Thursday, September 13, 2012

1964 Raleigh Sports Restoration / Preping the Dented Mud guards and Chain Guard for Paint

Hello and Welcome, The 1964 Raleigh "Sports" has presented a few new challenges for me. The chain guard and mud guards (fenders) are in pretty rough shape. They are going to need some attention before priming and painting. I have absolutely no real experience with "bump and paint" work so this should be really interesting and challenging.
Above: My first thought was to try to locate a replacement chain guard. But being a 1964 I would imagine that if anyone has one in pristine condition they would want a pretty Penney for it. (a lot of money) So being the cheap SOB that I am, I decided I should make an honest effort to refurbish it first. First step is to remove all the paint and get a look at what I have to work with.
Above: Here I have removed the paint using 220 grit automotive grade wet sanding paper and the fine brass wheel brush (safety glasses) on the high speed drill. Then to straighten the bottom lip I placed the wavy part of the lip on the inner edge of the outer jaw on my bench vise . Then I gently tapped it straight using a ball peen hammer. To smooth out the flat part or face of the guard I slipped a scrap piece of 1x6 rough sawed cedar with the smooth side facing up in between the front and back of the guard. This gave me a hard smooth surface under the metal to help me hammer out the high spots. Fortunately I have a auto body hammer that is designed specifically for this type of work.
Above: On the left my ball pein hammer. On the right is the metal working hammer. I found the bump and paint hammer at a Thrift Shop or Garage Sale. At the time I had no idea what it was for. But it looked like it could be useful, so I bought it for a couple bucks. You can see the over sized striking surface on the metal work hammer. This works really well for flattening out the high spots. The opposite end worked well for tapping out small dings from the underside of the fenders. It was still necessary to use glazing/spot putty on these small dents and dings. However much less filler is used after raising the dent from the underside.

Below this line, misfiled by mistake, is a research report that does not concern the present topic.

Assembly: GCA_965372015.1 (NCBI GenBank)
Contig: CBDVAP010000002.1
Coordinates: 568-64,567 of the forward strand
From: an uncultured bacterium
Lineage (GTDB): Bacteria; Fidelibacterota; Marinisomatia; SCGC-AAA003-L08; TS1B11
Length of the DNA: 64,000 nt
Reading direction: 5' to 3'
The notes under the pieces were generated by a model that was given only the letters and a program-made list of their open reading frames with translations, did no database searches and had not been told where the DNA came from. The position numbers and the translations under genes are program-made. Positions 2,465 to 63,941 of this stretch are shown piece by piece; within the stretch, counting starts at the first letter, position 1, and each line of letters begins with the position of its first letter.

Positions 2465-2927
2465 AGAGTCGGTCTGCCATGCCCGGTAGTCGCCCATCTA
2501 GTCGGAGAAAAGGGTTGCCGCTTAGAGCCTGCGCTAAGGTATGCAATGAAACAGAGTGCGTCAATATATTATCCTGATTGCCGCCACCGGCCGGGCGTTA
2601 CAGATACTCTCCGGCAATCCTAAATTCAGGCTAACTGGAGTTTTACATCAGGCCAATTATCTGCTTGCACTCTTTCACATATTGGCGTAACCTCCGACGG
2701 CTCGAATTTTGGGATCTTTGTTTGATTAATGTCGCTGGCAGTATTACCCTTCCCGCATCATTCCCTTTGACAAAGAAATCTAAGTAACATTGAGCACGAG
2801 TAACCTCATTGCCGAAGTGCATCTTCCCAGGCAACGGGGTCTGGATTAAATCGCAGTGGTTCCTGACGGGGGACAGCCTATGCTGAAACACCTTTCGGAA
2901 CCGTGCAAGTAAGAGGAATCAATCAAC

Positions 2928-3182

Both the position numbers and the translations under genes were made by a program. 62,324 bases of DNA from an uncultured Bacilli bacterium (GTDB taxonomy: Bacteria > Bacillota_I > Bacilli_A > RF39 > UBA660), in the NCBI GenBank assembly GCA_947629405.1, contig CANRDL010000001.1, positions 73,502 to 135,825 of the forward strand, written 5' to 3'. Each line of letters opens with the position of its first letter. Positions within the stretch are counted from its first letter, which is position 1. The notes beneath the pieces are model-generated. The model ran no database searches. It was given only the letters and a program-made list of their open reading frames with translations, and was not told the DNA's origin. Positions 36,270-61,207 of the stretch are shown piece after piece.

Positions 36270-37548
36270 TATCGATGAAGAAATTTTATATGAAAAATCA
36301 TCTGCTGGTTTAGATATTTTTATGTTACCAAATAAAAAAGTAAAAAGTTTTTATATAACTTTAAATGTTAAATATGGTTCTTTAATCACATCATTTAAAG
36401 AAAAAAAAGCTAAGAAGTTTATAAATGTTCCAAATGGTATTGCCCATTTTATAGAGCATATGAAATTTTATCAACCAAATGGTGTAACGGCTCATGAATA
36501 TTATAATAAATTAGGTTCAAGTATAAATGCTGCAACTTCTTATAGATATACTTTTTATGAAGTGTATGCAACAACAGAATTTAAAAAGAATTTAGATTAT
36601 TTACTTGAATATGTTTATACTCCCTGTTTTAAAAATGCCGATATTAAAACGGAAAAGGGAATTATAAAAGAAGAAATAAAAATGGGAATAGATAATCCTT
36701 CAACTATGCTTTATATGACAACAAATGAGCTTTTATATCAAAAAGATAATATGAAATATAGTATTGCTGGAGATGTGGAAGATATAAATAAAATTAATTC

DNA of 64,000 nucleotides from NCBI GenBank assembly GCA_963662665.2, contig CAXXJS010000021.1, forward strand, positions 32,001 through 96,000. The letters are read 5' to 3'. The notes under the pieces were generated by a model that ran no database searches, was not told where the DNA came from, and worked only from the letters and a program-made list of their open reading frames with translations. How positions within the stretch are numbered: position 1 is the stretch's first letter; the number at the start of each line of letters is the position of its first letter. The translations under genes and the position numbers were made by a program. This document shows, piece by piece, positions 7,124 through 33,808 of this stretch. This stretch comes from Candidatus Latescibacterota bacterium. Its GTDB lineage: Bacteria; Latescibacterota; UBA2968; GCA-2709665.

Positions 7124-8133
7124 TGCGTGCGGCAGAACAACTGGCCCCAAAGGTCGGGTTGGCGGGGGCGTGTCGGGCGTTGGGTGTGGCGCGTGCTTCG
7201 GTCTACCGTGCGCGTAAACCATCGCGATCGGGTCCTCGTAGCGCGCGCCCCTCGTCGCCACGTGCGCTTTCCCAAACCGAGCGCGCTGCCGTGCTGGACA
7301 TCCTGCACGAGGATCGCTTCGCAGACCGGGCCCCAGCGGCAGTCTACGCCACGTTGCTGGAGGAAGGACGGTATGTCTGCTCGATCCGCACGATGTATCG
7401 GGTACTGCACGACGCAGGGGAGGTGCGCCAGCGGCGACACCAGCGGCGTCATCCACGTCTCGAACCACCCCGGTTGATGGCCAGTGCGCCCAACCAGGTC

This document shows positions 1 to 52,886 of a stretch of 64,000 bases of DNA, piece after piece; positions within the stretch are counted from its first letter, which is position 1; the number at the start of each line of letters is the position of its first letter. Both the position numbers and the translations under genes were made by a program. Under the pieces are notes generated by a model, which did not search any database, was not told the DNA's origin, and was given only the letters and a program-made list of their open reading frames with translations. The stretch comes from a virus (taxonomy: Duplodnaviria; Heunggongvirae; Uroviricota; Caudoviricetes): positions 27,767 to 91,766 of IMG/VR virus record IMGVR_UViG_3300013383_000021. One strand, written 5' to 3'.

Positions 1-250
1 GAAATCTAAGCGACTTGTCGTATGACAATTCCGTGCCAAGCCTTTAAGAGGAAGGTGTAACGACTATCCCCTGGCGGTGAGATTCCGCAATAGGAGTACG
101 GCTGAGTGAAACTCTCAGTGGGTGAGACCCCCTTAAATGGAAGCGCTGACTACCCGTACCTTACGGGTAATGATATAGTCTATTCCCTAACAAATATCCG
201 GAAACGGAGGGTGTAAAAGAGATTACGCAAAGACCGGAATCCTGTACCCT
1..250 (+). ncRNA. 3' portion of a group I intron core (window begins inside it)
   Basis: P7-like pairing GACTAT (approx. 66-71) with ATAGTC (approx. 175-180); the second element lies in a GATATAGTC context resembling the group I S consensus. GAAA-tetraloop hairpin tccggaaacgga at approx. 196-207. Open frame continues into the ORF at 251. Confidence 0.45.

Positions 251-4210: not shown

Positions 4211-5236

Above: If you blow this picture up you can see the creases and the small dents that I was not able to completely remove with the hammer. So I will need to use some filler, commonly referred to as Bondo (actually a brand name)
Above: This is the Micro Lite Body Filler I purchased from (NAPA) Highland Auto Supply. The large can contains the filler and the small tube is the hardener. I also picked up some plastic filler spreaders while I was there. If I had to guess I would say the mix is about 95 to 98 percent filler and about 2 to 5 percent hardener.
Above: My first attempt at spreading out a thin layer of filler on the chain guard face. My thinking was, if I use very little hardener I will have more time to spread the filler. The only problem with this plan was, 5 or 6 hours latter it had not even begun to set up. Normal set up time is about 15 to 20 minutes depending on the weather conditions. So that evening I removed all the filler from the guard and decided to call it a day. Notice the color of the Filler is white (not enough hardener)
Above: This is my second attempt after I wet sanded it smooth with 220 grit and 440 grit. You might NOTICE the filler now has a little color to it, that is the hardener. I probably should have touched it up first, but I decided to go ahead and spray the primer when it was dry.
Above: As Jeff had suggested on the Face Book Page, The primer really highlighted the bad spots. See what your missing if you are not visiting the blogs face book page. Lots of good information being exchanged there. So now I will wet sand the bad spots and do some touch up.